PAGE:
Homer‟s Illiad 9/20/2011 5:06:00 PM Takes place in 8thcentury BCE  You can see how old because of the layers found in the story  Clearly an older oral text before published  Read at celebratory meals of heroes  Other authors refer to it  People don‟t know for sure if “Homer” existed  Greek individuals living in close proximity to Troy  Troy was in ruins at the time it was written. So already being written as an old story, looking back  What purpose for early readers? People didn‟t go home and read in Ancient Middle Ages. They would lecture. Listen rather than read story  Greece won the Trojan War, everyone knew this. Knew the story of the war and the people in it  Iliad is a cross section of a bigger story, Before Greece even invades  End of Iliad Hektor dies. Funeral for Hektor (Chief of Trojan princesses) Homer assumes we know this  The readers don‟t know HOW things will unfold and HOW the minor characters will act in the situations they are put in  Not just a historical recount but also a tragedy (genre)  Something falls, the hero falls, the city falls  Is someone pulling the strings, the Gods? Who/what makes things happen?  3000 year old, older than that orally, many different versions before the invention of the printing press  Around 250 BCE Egyptian Greek Scholars decide they‟re going to figure things out. Divide it into 21 books (editors did not Homer) Events of the Trojan War  Warriors from Greece on one side versus Troy on the other side  Two men, two families [Achaeans versus Trojans] however also a very broad war  Poem at the beginning of Book 1 contains figures you are expected to know (they are not introduced).  Paris (Prince of Troy) gets with Helen. Homer does not allude to this until Book 24 (p. 476) Paris is asked to choose which goddess is the most beautiful, they all offer him something, Aphrodite offers the most Beautiful woman (Helen), which led to disaster. Problem is she is married to Menelaus (a Greek). Whose fault is it? Paris for stealing Helen or Menelaous for not expecting the will of the gods? See Section II for List of Characters  The list of Trojans is different than the list of Greeks. There are more WOMEN, as well as many warriors. The Trojans are caught in necessity, fighting because they have to. They need to defend territory.  Greeks are fighting to increase their glory. Pursuit of triumph is their motivation.  There is a sense of family on the Trojan side  Kassandra is Pham‟s only daughter, most tragic. She refuses Apollo, so she is given punishment of prophecy, so she knows disaster before it happens.  Some gods are not prominent or “major” but in the Iliad they are very important. For ex. Thetis, mother of Achilleus (very personal)  Gods are important because they are right in the middle of things „in the trenches‟, they are like people, committed. Some are uncommitted like Zeus. What makes them different is their inability to die. Cannot express final loyalty (cannot die for something) permanently changeable because of their immortality.  Hektor – breaker of forces From Book 12 -> 15: more fighting back and forth Book 16 Switch to second person narration (you..) this makes this more personal, intimate. As Patroklos comes closer to death this narration is used, makes the narrator and extends even to the reader feel like they are loosing Patrokolos. Things escalate when Patrokolos goes out to battle. Cause of his death: Apollo, Delhobos(?), Hektor and by Achilles and Nestor because they told him to go. Zeus „kills‟ Patrokolos in favor of destiny, falls of Troy, pleasing Hera. There is a more important web of events that must unfold Patrokolos‟ last words remind the end of the story. Readers/listeners knew the outcome of the war, so Homer just reminds that although it may appear Hektor will be triumphant, he won‟t. Book 18 Achilles hears about Patrokolos‟ death and mourns Anger is not as powerful as sorrow. Achilles is sorrowful now which means he is not only willing to fight but also willing to die Story from a different angle: Book 6 Hektor leaves with a purpose, not just to fight, but also to make sacrifices to the gods and ask for help. He leaves the battlefield to find Paris and encourage Trojans to fight and appeal to the gods. He tells the Trojan WOMEN to make sacrifices, not only because they‟re the only ones in the city, but because they should appeal to goddess Athena so that she might have pity on the women and children of Troy Helen is dangerous because she makes men forget what they‟re supposed to be doing. Helen does not seduce Hektor. He says he is going to his own home first, to his own wife. His wife is found looking on the battlefield, shows what she is worried about. Asks him not to go. ***His response (440-) Only a quarter in and already a strong sense of finality “there will come a day when Troy will fall” inevitable Book 12 Hektor vs. Agamemnon Book 18 Elaborate description of Achilles armor as its prepared, given to him by his mother. Made for him by the gods, a son of Zeus. **Virgil recalls this scene where the armor is elaborately described Book 19 Armor given to Achilles Patrokolos funeral what does it mean to bury the body? Language of healing and closure. Achilles wants to be able to mourn. About community Gods protecting his body from destruction Book 20 Armor gets dirty Book 22 Hektor dies Book 24 Hektor‟s funeral The Gods Two communities parallel each other: gods and mankind They intercept often. Book 1: Zeus and Hera husband and wife pitted together, rivalry just as there is rivalry between Achilles and Agememnon Some gods get directly involved in battle. What ways do gods make appearance in world of man? They disguise themselves as people you know, or as other phenomena in nature. - Achilles about to take his sword out to Agememnon. Athena appears to only him and stops him - Hektor running away from Achilles, Athena disguises herself as Diophedes to make him stand and stop running so Achilles could kill him Ground Rules for relationship between MAN and GODS - Reciprocity: o one can get Achilles to listen except for the gods, not because he‟s afraid but because (book 1, 218) if you listen to them, they‟ll listen to you - Family ties: gods are linked. Personal relationships. - Patronage: which side do they support? What city are they from? Sometimes straightforward, sometimes not. For ex. Zeus is mediating between all different groups, for ex. Book 22 68, he didn‟t want Hektor to die because he always sacrificed him to Zeus, but he‟s constrained by other considerations Because of man‟s ability to die they can give their final vow, final gift. Gods cannot do this. It is a limitation. They can go on the battlefield but they won‟t bleed blood, they won‟t die. Ending We already know the ending, how can Homer end the story interesting then? It has to be about closing things up in some sort of way. He tells us the last several weeks right before the end, does not end with death of Hektor (Early), does not end with fall of Troy(Late). Book 24 is the funeral of Hektor Book 22 - Sense of waiting, Hektor is standing in front of the gates of the city - Blocking entry to city with his body, threshold of city, threshold moment, holding off a moment in time - Hektor falls Book 24 - Priam talks to Achilles about the death of Hektor - They feast together, though they are enemies - Gaze upon each other, see the godlike nature in each other - You don‟t see it on the battlefield only, you see it when they show pity - Closes with funeral, Priam risks his own life to get the body back. The funeral has a purpose for not only the individual but also they community. Trojan women weeping for Hektor, even Helen. They achieve a sort of communal solidarity, feast, that feeds not only the people who mourn but the gods. IMPORTANCE OF FEASTING** - Achilles dreams of Patrokolos who asks him to bury their ashes together Feasting Men themselves are foods of the gods p 142 – mankind is attached to the soil. Gets their energy from the soil. People themselves are like things in the soil, one-generation dies and another grows. Slaughter of men on the battlefield is like a harvest BLACKBOARD NOTES Achaians (also Argives, Danaans) Trojans Achilleus: son of Peleus; the main Greek Agenor: A Trojan warrior who tries to defeat Achilleus champion. in Book 21 Agamemnon: son of Atreus, brother of Menelaos, Aineias (also Aeneas): cousin of Hektor, son of ruler of Mykenai (Mycenae), commander of the Aphrodite; the only major Trojan figure to survive the Achaian (Greek) armies; feuds with Achilleus over war and (according to the Aeneid) founder of Rome. the spoils of war. Andromache: Hektor’s wife and mother of their baby Aias (also Ajax): also called Telamonian Ajax (son of boy, Astynax (literally “ruler of the city”) Telamon) and Greater Ajax. The tallest and strongest Briseis: princess taken as spoils of war to be the warrior to fight for the Achaians. concubine of Achilleus, confiscated by Agamemnon Aias (also Ajax): Ajax the Lesser, son of Oileus, often Chryseis: daughter of Apollo’spriest Chryses, taken as fights alongside Great Ajax; the two together are a war prize by Agamemnon, later returned to her father sometimes called the “Aiantes.” Deihobos: Trojan warrior, son of Priam and brother of Diomedes: youngest of the Achaian rulers, wounds Hektor; impersonated by Athene two gods, Aphrodite and Ares; wounded by Paris in Hektor (also Hector): eldest son of Priam, leader of the book 11. Trojan and allied armies, heir apparent to the throne of Kalchas (also Calchas): a powerful prophet and Troy omen reader, who guides the Achaians through the Hekabe (also Hecuba): wife of Priam, mother of war with his predictions. Hektor, Paris, Kassandra, etc. Menelaos: son of Atreus, younger brother of Helen: wife of Menelaos (King of Sparta), who ran away Agamemnon, first husband of Helen, ruler of with Paris; cause of the war Lakedaimon (Sparta). Helenos: son of Priam and Hekabe, soothsayer and Odysseus: son of Laertes, ruler of Ithaka, close friend warrior of Agamemnon, famed for his cleverness; main Kassandra (also Cassandra): daughter of Priam, character of the Odyssey. phophetess, first loved and then cursed by Apollo; as Patroklos: son of Menoitios, close friend of Achilleus. punishment for offending him, she foresees the fat of Phoinix: son of Amyntor, old Achaian warrior greatly Troy, including her own death and the deaths of her trusted by Achilleus and his former tutor. entire family, but is not believed Paris: son of Priam, brother of Hektor; also called Alexandros; runs away with Helen, which is the cause of the war. Polydoros: youngest son of Priam, killed by Achilleus Priam: king of the Trojans, too old to fight; father of fifty sons Sarpedon: son of Zeus; co-leader of the regional forces allied with Troy; killed by Patroklos List of The Gods Aphrodite: goddess of love, beauty, and sexual pleasure; daughter of Zeus (according to Homer), wife of Hephaistos, lover of Ares; mother of Aineias, protector of Helen. Apollo: god of music and healing, son of Zeus; chief protector of the Trojans. Ares: god of war, son of Zeus and Hera; protector of the Trojans. Athene: goddess of wisdom, daughter of Zeus; chief protector of the Achaians, especially Achilleus and Odysseus Hephaistos: god of the forge, son of Zeus and Hera; forges Achilleus’ new armor at Thetis’ request in book 18 Hera: queen of the gods, sister and wife of Zeus; protector of the Achaians Hermes: messenger of the gods, son of Zeus; leads Priam to Achilleus in book 24. Iris: messenger of Hera Poseidon: god of the seas, brother of Zeus; protector of the Achaians Thetis: a water nymph or Nereid, mother of Achilleus Zeus: most powerful of the gods List of the gods on each side Achaians Trojans Athene Apollo Hera Ares Poseidon Aphrodite (for Helen) Thetis (for Achilleus) Plato‟s Symposium 9/20/2011 5:06:00 PM  Really short  Most fascinating parts: Speeches 4,6,7  Illiad was a poem about love and war, whereas the Symposium is exclusively about love. What‟s its affect? How should you express love?  Expressions of love had already been seen in the Illiad, for example, Achilles and Patrokolos, Hektor and Andromache (longing for the body)  Not a novel, not poetry, not a short story. It is prose, philosophical dialogue. What is the genre?  Socrates -> Plato -> Aristotle.  Plato always gives his insights through the words of others. He gives you the information, he expects the reader to put pieces together on your own.  Sequence of 7 narratives  Before Socrates dies. Told several years after the actual events of the Symposium.  Some mediation between the stories. Potentially faulty story  “The best speech in praise of love”  p 8, 9. Decisions made on conduct of the party. Decided not to drink too much, because they are hung-over from the night before. Decided to spend their time together in conversation; private speeches, colloquial etc.  There is not an accession in the quality of speeches. Each speech is just a different perspective on Love.  You might think they are very liberal because sexuality seems fluid. However, it is a very conservative society. Women are removed from the society publically, marriages are business arrangements Phaedrus: love is about sacrifice. Because man has death, you can die for someone. (p.11- “Only lovers are prepared to sacrifice themselves…”) (p.12 – Orpheus when down to underworld to get his beloved and Achilles love, gods were impressed. “Chose to die as well as him”) (erastes-lover, eromenos-the one who is loved). Trying to make sense of this relationship in terms of his own day. Getting Achilles as example of highest form of love, who is the eromenos. This is a switching of the dynamic Pausanias: Common love vs. Celestial love. Wrong relationship is with an immoral man, good relationship with a moral man. (p.19 “Love is good if it makes people better” “virtue”) love becomes high when in facilitates virtue. Norm assumed is Male-Male. Lover and beloved in modern times is seen as mutuality, however not in these times, eros is given from one lover to another. Beloved (eromenos) is youthful. Common love – women+man. Celestial love – man+man. Goal of common love is reproductive. Celestial love involves higher ideals, virtuous quality, lover loves not just the beautiful body, but they potential for virtue in the younger beloved. Eryximachus: (p.20 “the distinction is quite right, but love is not only a human/mental response to human attraction….love is present in everything that exists”) Love should be moderate, should be a source of harmony. Introduces idea of fertility, just the way moderate weather is good for crops, moderate love is good as well. Aristophanes: He was supposed to go earlier but he couldn‟t go because he had the hiccups. Hard to know where he begins, p. 25, or much earlier, because the same sort of thing happens with Socrates. (p.25 gives a creation myth, and what it means to tell the story of creation, helps to understand human nature) Three different genders: male, female and androgynous (insulting term “girly man”). Man was round, whole. (p.26 Zeus split people into two halves, better for gods, “there very essence has been split in two always searching for their other halves” always searching for our other half) Trying to get back to our original nature, this is the POWER of love, different from previous speeches, from androgynous: nature men searching for women. Women split in two, this is the only reference in Greek literature of female homosexuality. Funny, but also somewhat serious, “reason for all this is search for whole beings, love is just a name given to it”. Agathon: He‟s a poet. He argues we should praise the God of love himself. Speech is not nearly as powerful as Aristophanes. Pretty in a superficial way. p.34 aspects of love: complexion, goodness, self-discipline (fairness) First three speeches talk about the condition of lovers – how you experience love in the real world Speeches 4 and 5 talk about the power love Socrates: presents it as he is remembering an encounter he had in the past. Dialogue within a dialogue. **People argue whether Diotima is made- up or real, this is important.** He starts with question/answer period “I got to do it in my own way…a few questions” - (p.38) typical Socrates. Love always has an object, must be love of something, can‟t have love on its own. Has to be something you don‟t have, so that there is longing/desire. Love itself must need and lack beauty (refutes everything Agathon just said). Truth you can‟t refute - 201c(p.41). The thing you can‟t resist is the power of truth (like Aristophanes saying power of love you cant resist). Gods are there in a hidden way. Socrates exchange with Agathon – he is interrogating him. It is the same exchange between Socrates and Diotima except roles are reversed. Diotima is the teacher (the relationship is teacher-student, similar to erastes-eromenos, eros-philos). Socrates and Diotima talk about the nature of love, the middle ground, the mediation (p.43) “Translate carry messages between gods and mortals”. Spirit of love brings divinity and humanity together. When she talks bout love she describes child of plenty and poverty, “love never has any money, tough dry skin…” (p.44). Object of love is goodness itself. Says that you‟re not looking for wholeness, but goodness (doesn‟t say that Aristophanes speech is bad, just not grounded properly). Refutes that the object of love is beauty. “Love‟s purpose is physical and mental pro-creation in a physical medium.” (p.48) reflect the yearning for immortality. Why is it that love‟s purpose is procreation? Because it gives mortals immortality (children of the mind) “divine business” Closest that mortals can get to being gods. Brings up the story of Achilles (p.51) case of extreme love, HOWEVER they are dying for fame not for love. They‟re in love, with immortality (fame). “proper way to go about this business” – (p.53). Give birth to beautiful reasoning. Come to regard physical beauty as unimportant. Love people for there inside, not what their surface is like. “you should use the things of this world as rungs in a ladder…” – (p.55 – 211c) “I believe her” – (p.56 – 212b) Alcibiades: comes in drunk. His appearance displayed on p.57 top. Comes in bearing something of god celebrated in drama festival day before. “God, what‟s this? Socrates?” Not about love but about Socrates. Good looking guy but less good-looking Socrates is not interested. Confuses Socrates. “Takes people in pretending to be their lover, but then switches the roles” Compares Socrates to Silenus, a satyr. Socrates has changed Alcibiades from lover to beloved. “My heart…has been struck and bitten by philosophy…madness and ecstasy of philosophy”(p. 64). 1. Order and Disorder 2. The Role of the Divine (what is it? Is love always divine?) Symposium: sequence of speeches 1 - Phaedrus (178a ff.): mythic examples of lovers (Alcestis, Orpheus, Achilles). 2 - Pausanias (180c ff.): lawyer; expression of love in society, role of lover vs. role of beloved. 3 - Eryximachus (186a ff.): physician; love governs all, including medicine and health. 4 - Aristophanes (189c ff.): comic playwright; creation myth. 5 - Agathon (194e ff): tragic poet, host of the symposium; speaks poetically of the god of love. 6 - Socrates (201d ff.): philosopher; repeats what he was told by Diotima of Mantinea. 7 - Alcibiades (214e ff): enters late; drunk; lover of Socrates. Genesis 9/20/2011 5:06:00 PM Tree is not only seen in Genesis. It has symbolic origins because it is organic, comes out of the ground as one but branches off into many, that is its paradox unity and many  Religious Tradition  Historical Context  Literary terms (us) The story of the bible is a story in translation. For all of these translators, they want to bring the bible to a wider audience. Starting at the beginning unlike Symposium. Very compartmentalized. Ch1 creation of cosmos  As division. In space, water from land. Space and earth. Verse 14: “God said let there be light…” Verse 16: “two lights greater light to rule the day and lesser light to rule the night.” **Verse 27: 1st account of creation, created in God‟s likeness Ch2 creation of man  Garden, creation of man. About the double creation of man. Verse 21: 2 ndaccount of creation “God caused a deep sleep to fall on Adam…took one of his ribs…she shall be called woman…” Ch3 Sin and Expulsion  Verse 24: “Drove out the man…to keep the way of the tree of life” what‟s happening in terms of space? Man becomes of being in Eden but he is not a part of the soil of Eden. Ch4 Lineage  About generations of the Bible. Sacrifice. Ch9 “Be fruitful and populate the earth” “A token of a covenant between me and the earth.” Contract Agreement is not just between God and Noah; it‟s between God, Noah and the Sea. This idea and the covenant happen first with Noah but happen again in the Bible. Different idea of how man and God intercept then in the Iliad, in the Bible it is by CONTRACT. Because of this monotheistic version of divinity, there are some differences in the reciprocity between man and the divine. Ch17 But my covenant will I establish with Isaac, which Sarah shall bear unto thee at this set time in the next year. Another mention of covenant with Isaac Abraham is like Noah in that he participates in a covenant with God.  Does sacrifice not take place because you‟ve shown that you‟re ready to do it?  Who is sacrificed? Pattern in Genesis is favor given to younger son(s), who take on the covenant. How can God be all powerful and you still have will? Ch28 Jacob‟s ladder Lovely moment “house of God, gate of heaven” moment of covenant again, God shows himself, something different: Holy Space, but not a place that you make holy by making a sacrifice, but a place that God makes Holy. Similar to Diotima‟s ladder of love. Virgil‟s Aeneid 9/20/2011 5:06:00 PM Written by Romans for Romans, Latin epic poem Named after the man not the city. Story from the Trojan side p.412 around l.12 in Illiad - destiny for Aeneas to be lord over the Trojans, the “chosen one” Book22: the horrible scene seen with Aeneas talked about in the Illiad has already happened once we reach the Aeneid, it is foreseen by Priam. Structure of The Aeneid (first half) 1. Arrival in Carthage; Temple of Juno 2. Back Story I: Retelling the Iliad - includes what Priam anticipated 3. Back Story II: The Trojan Odyssey? 4. Dido 5. The Shadow Troy 6. The Underworld – influences Dante‟s Inferno Book 1 l.18 (p.28) Telling the story of the Trojan horse. Present verb tense – when Aeneas tells it its as if its in the present. Happens again l.41 (p.39). First 20 lines of the Aeneid “I sing of arms and of a man..” Who is Juno? Roman version of the Greek god Hera 3 point of views: man, god(muse) First lines tell us the subject of the poem: Aeneas the son of Venus. A „fugitive‟(1.2) – to be running away from something (the fallen city). HE has escaped from city that‟s doomed. A state of exile. 2 sets of fugitives: Trojans running away from troy, and Carthusians running away from Carthage (a city facing Rome, literally and figuratively, Punic wars) to build a new empire. Aeneas is bringing the people that will build the city of Rome. Punic wars took place after narrative of the Aeneid, but before it was written l.48-50 “…It was so hard to found the race or Rome” Book 1 Setting is the Temple of Juno Before Venus and Aeneas encounter each other, Jupiter encounters him. (l.356) Formal speech. Jupiter hasn‟t changed sicne the Iliadn in his viw of the Trojans He forecasts the future and says that Aeneas will go to war in Italy and be King of Rome and his son will also find a great city. The prophecy promises a Trojan Caesar “I set no limits to their fortunes and no time;” (l.389-90) – however every empire rises and eventually falls. Venus‟ appearance – she does not initially look like a goddess, dress was like a “maiden” – like a local girl not a goddess. Her son does not recognize her. Before she reveals herself she tells the back story of Carthage. “But then who are you?...” (l.523) wants him to tell her himself. He starts complaining about how he‟s been cast away from Troy. She reveals herself after l.571-72 (“..follow where this pathway leads”), when she gives him advice to keep going. (l.647) sees pictures on the wall of story Troy. Begins to weep. Sees how things flourish and then they end. When you see something that is nothing but a picture but as if it was real. This is art on the wall…look at the art later on. This is DIFFERENT from HOMER. ^^ Ekphrasis: words describing art and historical past (in this sense, but really it could be any art form being used to describe a work of another art form) (l.683) great episodes of Trojan war, Achilles bringing Hektor around the walls of Troy. Looking in awe, he is astonished. (l.825-) Aeneas reveals himself when he first meets Dido for the first time in the Temple of Juno, looks like a god. (“shoulders like a god” –beauty of soldiers). “grace as art can add” (l.832). Dido is overcome by wonder when she sees Aeneas, just as Aeneas was in wonder when he saw the wall paintings. Dido takes them back to palace for a feast. Bond between Aeneas and Dido is being formed, Venus is trying to set this up. She deploys all of her “guile” (l.919) Dido is going to be burned by flames of love. She becomes intoxicated and dizzy by the effect of this love (l.993). Her fate is sealed, just seen more in Book 4. “All things from the first beginning” (l.1050) Book 2 Altars and Thresholds as not just parts of narrative, but as powerful symbols. The altar is lined up with the threshold as a counterpart. Aeneas recalls the omen and frightening sign seen when Glaucon and his sons were preparing to make a sacrifice to the gods Repeating emphasis on threshold: doorway, stone or wood, which marks the doorway. You‟re either in or out of the threshold. The movement past it marks a change in you as your atmosphere changes. Threshold moments:  Trojan horse shoved across the doorway - “The horse glides…”(2.332-)  (2.492)  (2.661) – Aeneas retelling what he witnessed. Everything in front of an altar  (2.693) Hecuba at the altar. Priam is on the shore – figuratively between what has ended and what is beginning. THRESHOLD AND SACRED MOMENT because it is before the altar. Priam being sacrificed. Aeneas as pious  The vision of Hektor (2.400)  Panthus giving him the household gods Emphasis on fathers and sons in the Illiad, in the Aeneid relationship between father and son shown in a different way Book 2 he is lifting up his father, the difference from Greek culture, in the Roman patriarchal relationship Book 3 Trojan Odyssey Trojans out of the city led by Aeneas. “search of fields of exile” (3.6) Exile: Trojans AND Carthusians are exiles; promised destiny at the end, similar to leading the Jews out of Egypt. Book of movement, pattern: City Island City Island City Island First effort made to set up new city “city we tried to found..”(3.25) Tried to find another city “eagerly I raise the city walls” (3.177) Stumbles upon a new Troy (3.379) “I see a little Troy..” (3.454)  Creepy it mimes the old city. Backward looking Troy. The refugees gain from this creepy Troy. Advice (3.576) Book 4 Ended Aeneas two part narration. Departure from Carthage. Dido and Aeneas plan going well. “The queen caught between love‟s gain and press..eaten by a secret flame” (4.1-) “…signs of the old flame.”(4.25) She becomes more lovesick, in a “frenzy” “crazy in love” They take refuge in a cave. (4.219-) Fate is sealed “first day of death and ruin” (4.224) beginning of the end. Rumor (4.229) Because Aeneas has taken Dido down from a position of power. Her disgrace is not private. Everyone knows. Jupiter sends Mercury to tell the message that Aeneas must leave (4.317) When Mercury delivers this message he explains why: for his son. (4.364) Dido gets eaten more in flame. Dido attacking Aeneas. Saying she‟s looking forward to her residence in the underworld(4.526) Book 5 Aeneas getting people ready to go Takes place in Sicily Series of games; serious games, similar to funeral of Patrokolos. Paying homage to the dead. Games are competitions, they let you see who‟s strong and weak. Aeneas gives prizes, giving a relationship between him and his men. 1. 1. Stratify men in terms of physical abilities and leadership abilities 2. Gives Aeneas power over his unified hierarchy 3. Aeneas as giver of gifts as “Father Aeneas” In the second competition which is a foot race, p.112 5.378)  Nisus slips from blood of sacrifice, hes out of the race, as he‟s falling (5.438), he throws himself in front of who was in first, Salius, so that his friend can pass him.  This upsets people, so Aeneas has to keep the peace. “Your awards will not be touched…” (5.458) He gives a consolation prize to Salius. This upsets Nisus because he wanted the best prize. Aeneas gives him more gifts (5.470ish). He is making everyone happy. “The best of fathers” Fortune shifts (5.795) everything falls apart in the commemoration. Dido messes everything up, and Juno. Juno sends down Iris the minor god in the form of an old women. Aeneas appeals to father Jupiter. The beautiful rituals and masculine order, is blown apart by feminine disorder. Chaos has erupted. Closes with death of Palinurus the ship captain. Book 6 Getting Aeneas ready to rule Rome. Starts with a unnamed sibyl of Cumae, foreseeing the future. Reminds of what we‟ve seen in book 1, the temple of Juno. This is another temple, also like a cave. Similar to the cave where Dido and Aeneas consummated their love. Just as scenes of Trojan war on walls, here there are paintings of past The cave in book 6 is similar to the cave in book 4, is dark and ominous, however, it is not and “end” point like the Dido cave was. This cave is a pathway that will take him where he needs to go, the underworld, where he will find his father. The sibyl is not a distraction as Dido was. She is a guide. “One thing I ask…”(6.146-) Asks Sibyl if she can take him to meet his father. “Kind prophetess I plead, take pity on both a father and a son” Lots of threshold language. In Priam‟s chamber it was about end of troy beginning of Rome. This same sort of pathway is seen in this chapter. Limen (Latin) – threshold  Liminal  Liminality People are moving into a liminal state. Are they still Trojans when troy is gone? Are the Romans? No, not yet. Eerie echoing of Troy, because they are in an inbetween state. To enter into underworld Sibyl gives Aeneas three requests(6.190) The third voice returns that is seen on the first page of the Aeneid, as they enter into underworld. Rugged geography of the underworld. Some people suffering, some people content. 6.594 – he sees Dido, who does not want to speak to him. He tries to speak to her (6.612). She turns away. He‟s going to turn away but he‟ll feel bad about it.. Father son reunion (p.153 6.898) Powerful moment for both parties. Try to embrace each other. Embrace between living and dead seen between Patrokolos and Achilles. (“Three times they try to embrace, three times it doesn‟t work”) More than a private two person bond, Not just a small family group, it encases all of Rome Virgil writing about history, but for Aeneas it‟s the future Book 7 - Less orderly, you can see the end goal of the Aeneid. Opens up with they have made it at last to Italy. Lavinia is destined to be Aeneas‟ bride, but shes engaged to Turnus. Lavinia‟s father Latinus rules the land Aeneas is destined to settle. Juno is going to interfere to slow things down, “hold off a moment” (7.408). Compared to Iliad, where gods were heavily involved in the conflict; in the Aeneid it is different. The gods do get involved a little bit, however, they‟re “girly” (Venus) or minor (Juturna) and fighting because the players of war are their relatives. Aeneas and Turnus are going to battle “orderly assembly” over Lavinia. Book 12 Then everything falls apart, after first lines 100. The flames by Juno is delaying things, creating disorder. Series of duels and conquests. Conflicts at their strongest, in the conflict between Aeneas and Lavinia. Juturna kills herself. Its not just that Aeneas a wants to win, its that he knows what he has to do. Either destroy them or subdue them. Sense of revolution p.318. Duality, two different fates, passage at end of book 12. P325 12.1041 – Olympus king calls out to Juno, Jupiter asks what her plan is since Aeneas is destined. She says she will yield..with conditions (10.1292) Says they cannot be Trojans anymore, they must let the Rome people keep their Roman-ness. Their empire cannot be named Troy. The nature of Rome mustn‟t be a new Troy; A combination of many diferent people, the Latins who were there first (ruled under Latinus). IS it different to be Roman then Trojan? They must assimilate to the Roman culture. What it means to be Roman is to absorb, anything that cannot be absorbed is eradicated.  Jupiter responds to Juno by saying he will grant her wish, saying he‟ll combine everything. Turnus is asking for mercy from Aeneas. 1262 – Aeneas changes because he remembers the ruthlessness of Turnus was, and so he takes no pity, and kills Turnus. Major Figures in the Aeneid 9/20/2011 5:06:00 PM Aeneas heroic Trojan exile Anchises father of Aeneas Ascanius / Iulus son of Aeneas Creusa wife of Aeneas Carthage: Dido queen of Carthage Anna sister of Dido Iarbas African king, suitor of Dido Figures from Troy: Priam Hector Andromache Helenus Deiphobus Italy: Turnus king of the Rutulians, suitor of Lavinia Juturna nymph, sister of Turnus Latinus ruler of Latium Amata wife of Latinus Lavinia daughter of Latinus Equivalent Names for the Gods: Greek Roman Zeus Jupiter / Jove Hera Juno Poseidon Neptune Aphrodite Venus Hermes Mercury Ovid‟s Metamorphoses 9/20/2011 5:06:00 PM Writing around the same time as Virgil. He is a little bit younger than Virgil. During the rule from the heir of Caesar (Augustus). Virgil, a big name, dies when Ovid is 29. Ovid wants to put himself in the same place as Virgil, to impress Augustus. There are some similarities between his work and The Aeneid. The last 5 books for example talk about Troy and Rome. Metamorphosis = CHANGE – What is it? What is the nature of transformation? Changing the form of something that already exists. Changes happen fast. A flash. Moment of myth. The book is also about a universal history, collection of all stories ever told. A continuous history, full of mutability and flux. It has a beginning middle end. Does not contain ruptures the way the Aeneid and the Iliad change. The continuous flow of change is softer. There is stability and continuity Opening lines: “One continuous poem” however mutable. “Thread” that runs through time. Genre – way of labeling literature. What kind of genre is Metamorphosis? Could be epic in some ways, but not exactly. Gods can take on different forms when they choose too. Can disguise themselves as forms or other people. Important. Seen in Arachne‟s story Could be seen as a loose division of 3 parts: 1. Creation to Calliope‟s song 2. Arachne to Orpheus‟s song 3. Troy & Rome All kinds of beings represented in metamorphosis (animal, vegtable, mineral). Gods can also be changed. However gods have the choice to change, man does not have a choice. Different people tell the stories. Embedded narratives. CREATION TO CAL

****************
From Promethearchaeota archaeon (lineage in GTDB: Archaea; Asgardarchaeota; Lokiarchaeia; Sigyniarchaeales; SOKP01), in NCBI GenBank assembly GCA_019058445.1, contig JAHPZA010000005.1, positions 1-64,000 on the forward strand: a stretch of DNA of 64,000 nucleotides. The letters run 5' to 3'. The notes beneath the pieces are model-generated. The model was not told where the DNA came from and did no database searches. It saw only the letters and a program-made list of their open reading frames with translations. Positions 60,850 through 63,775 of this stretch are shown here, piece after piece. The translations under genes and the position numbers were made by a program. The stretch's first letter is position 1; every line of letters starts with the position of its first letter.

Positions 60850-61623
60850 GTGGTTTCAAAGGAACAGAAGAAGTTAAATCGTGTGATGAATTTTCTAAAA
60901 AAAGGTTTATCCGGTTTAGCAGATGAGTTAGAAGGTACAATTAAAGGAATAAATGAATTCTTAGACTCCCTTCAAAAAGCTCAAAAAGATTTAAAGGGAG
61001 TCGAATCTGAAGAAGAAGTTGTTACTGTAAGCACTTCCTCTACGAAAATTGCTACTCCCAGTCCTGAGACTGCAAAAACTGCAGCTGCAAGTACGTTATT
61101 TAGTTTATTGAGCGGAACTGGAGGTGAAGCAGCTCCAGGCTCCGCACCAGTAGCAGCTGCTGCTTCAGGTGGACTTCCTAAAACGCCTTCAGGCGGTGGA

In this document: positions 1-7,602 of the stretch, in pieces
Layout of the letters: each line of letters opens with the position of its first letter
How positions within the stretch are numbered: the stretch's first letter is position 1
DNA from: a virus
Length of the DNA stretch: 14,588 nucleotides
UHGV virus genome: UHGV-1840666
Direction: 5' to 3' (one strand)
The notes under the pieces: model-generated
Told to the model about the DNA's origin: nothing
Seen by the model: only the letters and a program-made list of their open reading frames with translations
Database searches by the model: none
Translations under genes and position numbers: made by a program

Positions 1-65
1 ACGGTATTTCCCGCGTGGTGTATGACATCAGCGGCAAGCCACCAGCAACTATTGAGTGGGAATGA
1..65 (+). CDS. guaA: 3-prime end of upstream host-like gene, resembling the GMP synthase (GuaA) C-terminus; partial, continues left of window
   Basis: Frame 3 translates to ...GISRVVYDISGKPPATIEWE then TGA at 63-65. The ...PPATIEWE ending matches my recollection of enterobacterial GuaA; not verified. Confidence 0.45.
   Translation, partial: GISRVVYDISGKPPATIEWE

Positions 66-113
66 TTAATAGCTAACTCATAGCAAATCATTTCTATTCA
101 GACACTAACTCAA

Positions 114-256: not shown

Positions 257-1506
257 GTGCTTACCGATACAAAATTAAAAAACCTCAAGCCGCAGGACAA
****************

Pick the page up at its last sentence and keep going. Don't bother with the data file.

More Less

Related notes for ENG150Y1

Log In


Don't have an account?

Join OneClass

Access over 10 million pages of study
documents for 1.3 million courses.

Sign up

Join to view


By registering, I agree to the Terms and Privacy Policies
Already have an account?
Just a few more details

So we can recommend you notes for your school.

Reset Password

Please enter below the email address you registered with and we will send you a link to reset your password.

Add your courses

Get notes from the top students in your class.